Analysis |

A Photo Op With Trump Is Nice, but What the Palestinians Really Need Is Money

On the Syria front, meanwhile, the arms race between Israel and Hezbollah is ongoing

Amos Harel
Amos Harel
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U.S. President Donald Trump meets with Palestinian Authority President Mahmud Abbas in the Oval Office of the White House on May 3, 2017 in Washington, DC.
U.S. President Donald Trump meets with Palestinian Authority President Mahmud Abbas in the Oval Office of the White House on May 3, 2017 in Washington, DC.Credit: MANDEL NGAN/AFP
Amos Harel
Amos Harel

Palestinian President Mahmoud Abbas squeezed in at the end of U.S. President Donald Trump’s crowded schedule of meetings on Wednesday. Abbas was a guest in the White House more than two months after Prime Minister Benjamin Netanyahu and just two-and-a-half weeks before Trump’s planned visit to Israel.

Trump has more urgent problems than the Israeli-Palestinian conflict, which is no longer of primary concern to the international community. But judging from the statements made by Jason Greenblatt, Trump’s envoy for Israeli-Palestinian negotiations, and the number of times Trump himself has reiterated his desire to make a “good deal” between Israelis and Palestinians, it seems the president and his aides are still toying with the thought of what achieving a breakthrough could do for his image as an international statesman. A Nobel Peace Prize, however, apparently isn’t in the offing.

His predecessor, former U.S. President Barack Obama, didn’t have to try so hard; he was awarded a Nobel immediately after he was first elected. But at least with regard to the Middle East, Obama didn’t justify the prize jury’s hopes.

The main importance of the Trump-Abbas meeting lies in the fact that it took place. The Palestinians evidently did their homework with regard to their host’s love of flattery. But beyond the photo op and the aspiration for peace, Trump isn’t a detail man. The Palestinians know even less than Israel does about how or even whether he will leverage his upcoming visit to Israel to present a new peace initiative.

The Palestinians’ main concern now revolves around economic support. America’s direct and indirect financial support for the Palestinian Authority amounts to about $500 million a year. Last week, Netanyahu demanded that the PA stop paying salaries to terrorists jailed in Israel and the families of slain terrorists. At the same time, Republicans in Congress are cooking up a bill to condition further American aid on halting all payments to terrorists, and perhaps to their families as well.

The PA would have trouble ending these payments, especially while Palestinian prisoners in Israel are on hunger strike. Nor is this an immediate Israeli interest, because it could inflame the atmosphere around the strike. So for now, the parties will look for an indirect method of payment that will enable the U.S. government to pose as standing firm against terror without pulling the carpet out from under the PA.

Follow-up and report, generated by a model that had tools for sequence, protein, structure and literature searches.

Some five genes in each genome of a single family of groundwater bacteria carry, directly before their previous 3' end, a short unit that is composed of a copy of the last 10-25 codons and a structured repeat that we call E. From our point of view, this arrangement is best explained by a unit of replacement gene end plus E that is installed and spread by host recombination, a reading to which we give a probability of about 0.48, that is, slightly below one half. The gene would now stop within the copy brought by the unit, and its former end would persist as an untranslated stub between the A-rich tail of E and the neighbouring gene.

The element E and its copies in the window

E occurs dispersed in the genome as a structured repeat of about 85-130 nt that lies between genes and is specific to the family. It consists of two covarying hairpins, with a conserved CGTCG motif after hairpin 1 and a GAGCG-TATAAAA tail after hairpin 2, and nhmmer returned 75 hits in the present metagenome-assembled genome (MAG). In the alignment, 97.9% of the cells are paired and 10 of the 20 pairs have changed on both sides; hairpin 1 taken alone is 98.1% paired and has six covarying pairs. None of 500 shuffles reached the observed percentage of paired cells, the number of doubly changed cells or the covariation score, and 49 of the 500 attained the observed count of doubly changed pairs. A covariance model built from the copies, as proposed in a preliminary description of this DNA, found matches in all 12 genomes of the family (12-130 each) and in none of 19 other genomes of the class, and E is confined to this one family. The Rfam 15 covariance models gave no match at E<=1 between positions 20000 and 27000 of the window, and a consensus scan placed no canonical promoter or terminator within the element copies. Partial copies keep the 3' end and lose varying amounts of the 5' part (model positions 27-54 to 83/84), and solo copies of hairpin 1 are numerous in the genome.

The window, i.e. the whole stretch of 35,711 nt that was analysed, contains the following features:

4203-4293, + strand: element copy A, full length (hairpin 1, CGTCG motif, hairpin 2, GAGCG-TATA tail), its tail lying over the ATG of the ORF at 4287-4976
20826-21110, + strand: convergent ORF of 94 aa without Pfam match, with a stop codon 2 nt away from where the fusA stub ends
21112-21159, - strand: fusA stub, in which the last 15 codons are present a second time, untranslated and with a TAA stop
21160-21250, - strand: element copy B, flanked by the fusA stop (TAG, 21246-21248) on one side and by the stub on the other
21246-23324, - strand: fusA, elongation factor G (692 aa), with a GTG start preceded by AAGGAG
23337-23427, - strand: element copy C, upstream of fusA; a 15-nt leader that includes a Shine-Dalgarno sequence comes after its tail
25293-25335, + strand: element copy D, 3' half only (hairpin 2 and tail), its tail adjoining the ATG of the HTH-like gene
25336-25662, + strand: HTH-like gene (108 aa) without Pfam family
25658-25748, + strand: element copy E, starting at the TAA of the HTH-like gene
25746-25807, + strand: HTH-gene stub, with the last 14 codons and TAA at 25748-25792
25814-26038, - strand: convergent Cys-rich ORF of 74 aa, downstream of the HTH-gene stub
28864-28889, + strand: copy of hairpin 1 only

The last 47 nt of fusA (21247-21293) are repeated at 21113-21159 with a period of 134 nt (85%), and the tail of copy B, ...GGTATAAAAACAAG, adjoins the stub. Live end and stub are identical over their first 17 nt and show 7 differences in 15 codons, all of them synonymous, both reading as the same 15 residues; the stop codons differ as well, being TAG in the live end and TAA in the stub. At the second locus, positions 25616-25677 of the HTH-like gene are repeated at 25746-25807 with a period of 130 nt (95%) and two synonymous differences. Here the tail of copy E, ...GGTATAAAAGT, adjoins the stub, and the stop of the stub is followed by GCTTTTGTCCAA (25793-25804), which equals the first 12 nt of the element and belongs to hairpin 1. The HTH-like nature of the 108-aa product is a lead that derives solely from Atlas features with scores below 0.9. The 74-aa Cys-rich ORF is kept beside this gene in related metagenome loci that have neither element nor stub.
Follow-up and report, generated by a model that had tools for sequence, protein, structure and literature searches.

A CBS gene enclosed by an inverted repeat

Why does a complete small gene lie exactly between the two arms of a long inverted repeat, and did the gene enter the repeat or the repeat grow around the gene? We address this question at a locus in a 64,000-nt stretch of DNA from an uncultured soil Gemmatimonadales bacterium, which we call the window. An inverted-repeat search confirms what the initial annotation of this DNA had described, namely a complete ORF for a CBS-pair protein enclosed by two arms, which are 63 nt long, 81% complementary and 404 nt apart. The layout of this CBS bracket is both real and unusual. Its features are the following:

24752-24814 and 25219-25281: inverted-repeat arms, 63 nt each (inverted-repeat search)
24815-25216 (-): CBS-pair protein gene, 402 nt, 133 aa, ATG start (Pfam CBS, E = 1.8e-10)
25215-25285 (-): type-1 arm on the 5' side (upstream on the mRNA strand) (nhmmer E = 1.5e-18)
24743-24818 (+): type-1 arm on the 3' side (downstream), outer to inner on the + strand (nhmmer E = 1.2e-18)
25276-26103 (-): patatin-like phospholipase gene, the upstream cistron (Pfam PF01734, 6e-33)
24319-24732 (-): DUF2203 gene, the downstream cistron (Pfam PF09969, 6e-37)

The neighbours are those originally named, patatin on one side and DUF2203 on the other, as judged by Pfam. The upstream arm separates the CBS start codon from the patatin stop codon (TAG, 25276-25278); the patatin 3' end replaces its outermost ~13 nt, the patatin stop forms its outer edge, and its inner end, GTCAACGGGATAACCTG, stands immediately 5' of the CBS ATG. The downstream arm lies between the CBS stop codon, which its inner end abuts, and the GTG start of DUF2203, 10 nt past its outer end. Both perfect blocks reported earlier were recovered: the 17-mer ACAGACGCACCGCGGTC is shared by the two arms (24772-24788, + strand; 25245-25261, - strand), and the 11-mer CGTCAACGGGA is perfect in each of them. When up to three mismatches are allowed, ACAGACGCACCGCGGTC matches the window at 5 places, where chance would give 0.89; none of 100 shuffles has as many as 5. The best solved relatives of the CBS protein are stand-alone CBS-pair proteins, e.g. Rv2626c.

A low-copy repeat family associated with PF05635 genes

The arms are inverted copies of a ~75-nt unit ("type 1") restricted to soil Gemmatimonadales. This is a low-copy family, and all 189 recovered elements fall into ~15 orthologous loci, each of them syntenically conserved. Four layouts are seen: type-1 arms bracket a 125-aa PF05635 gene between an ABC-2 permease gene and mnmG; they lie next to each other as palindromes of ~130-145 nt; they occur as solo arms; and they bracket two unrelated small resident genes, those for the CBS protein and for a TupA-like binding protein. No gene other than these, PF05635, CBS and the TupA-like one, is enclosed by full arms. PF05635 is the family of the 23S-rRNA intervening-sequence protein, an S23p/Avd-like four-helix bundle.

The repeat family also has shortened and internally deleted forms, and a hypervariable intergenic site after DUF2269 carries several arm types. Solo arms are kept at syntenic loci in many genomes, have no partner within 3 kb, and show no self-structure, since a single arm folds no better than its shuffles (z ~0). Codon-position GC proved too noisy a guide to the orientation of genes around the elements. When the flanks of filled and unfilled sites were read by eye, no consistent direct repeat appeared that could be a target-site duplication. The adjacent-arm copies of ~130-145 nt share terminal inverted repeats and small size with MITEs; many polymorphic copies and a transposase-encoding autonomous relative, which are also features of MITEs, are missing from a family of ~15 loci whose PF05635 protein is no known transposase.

But any discussion of resuming the peace process is still hypothetical. The more burning problem is what’s happening in the Gaza Strip, which has received little attention in Israel. The various external pressures on Hamas – the Israeli blockade, tense relations with Egypt, punitive steps by the PA and worsening infrastructure problems (not just the limited electricity supply, but also a severe shortage of potable water) – have become too severe for it to maneuver among them.

Ever since Yahya Sinwar was chosen by Hamas as its leader in the Gaza Strip, policy has largely been set by the organization’s military wing. The possibility that Sinwar will try to extricate himself from his problems by heating up the border with Israel isn’t inconceivable. It could be almost an exact replay of the deterioration that led to the last war in Gaza, in the summer of 2014.

This week, Maj. Gen. Yoav Mordechai, Israel’s coordinator of government activities in the territories, announced an expansion of the area in which Gaza fisherman are permitted to fish. For years, Mordechai has done his best to postpone the next military conflict, under difficult circumstances. On his recommendation, Israel has quadrupled the number of trucks delivering goods to Gaza since the last war ended.

But Mordechai can’t produce miracles. Increasing the fishing catch won’t save Gaza, even if it will help its economy.

Brig. Gen. (res.) Assaf Orion, who was the army’s head of strategic planning when the last Gaza war erupted, wrote on the Institute for National Security Studies’ website on Thursday that the likelihood of another military conflict between Israel and Hamas has risen. He advised the government to take vigorous steps to ease Gaza’s economic and humanitarian distress: asking the Gulf States to solve the crisis over the PA’s salary cuts to its Gaza employees, removing barriers to exports from Gaza and making it easier for people to leave Gaza.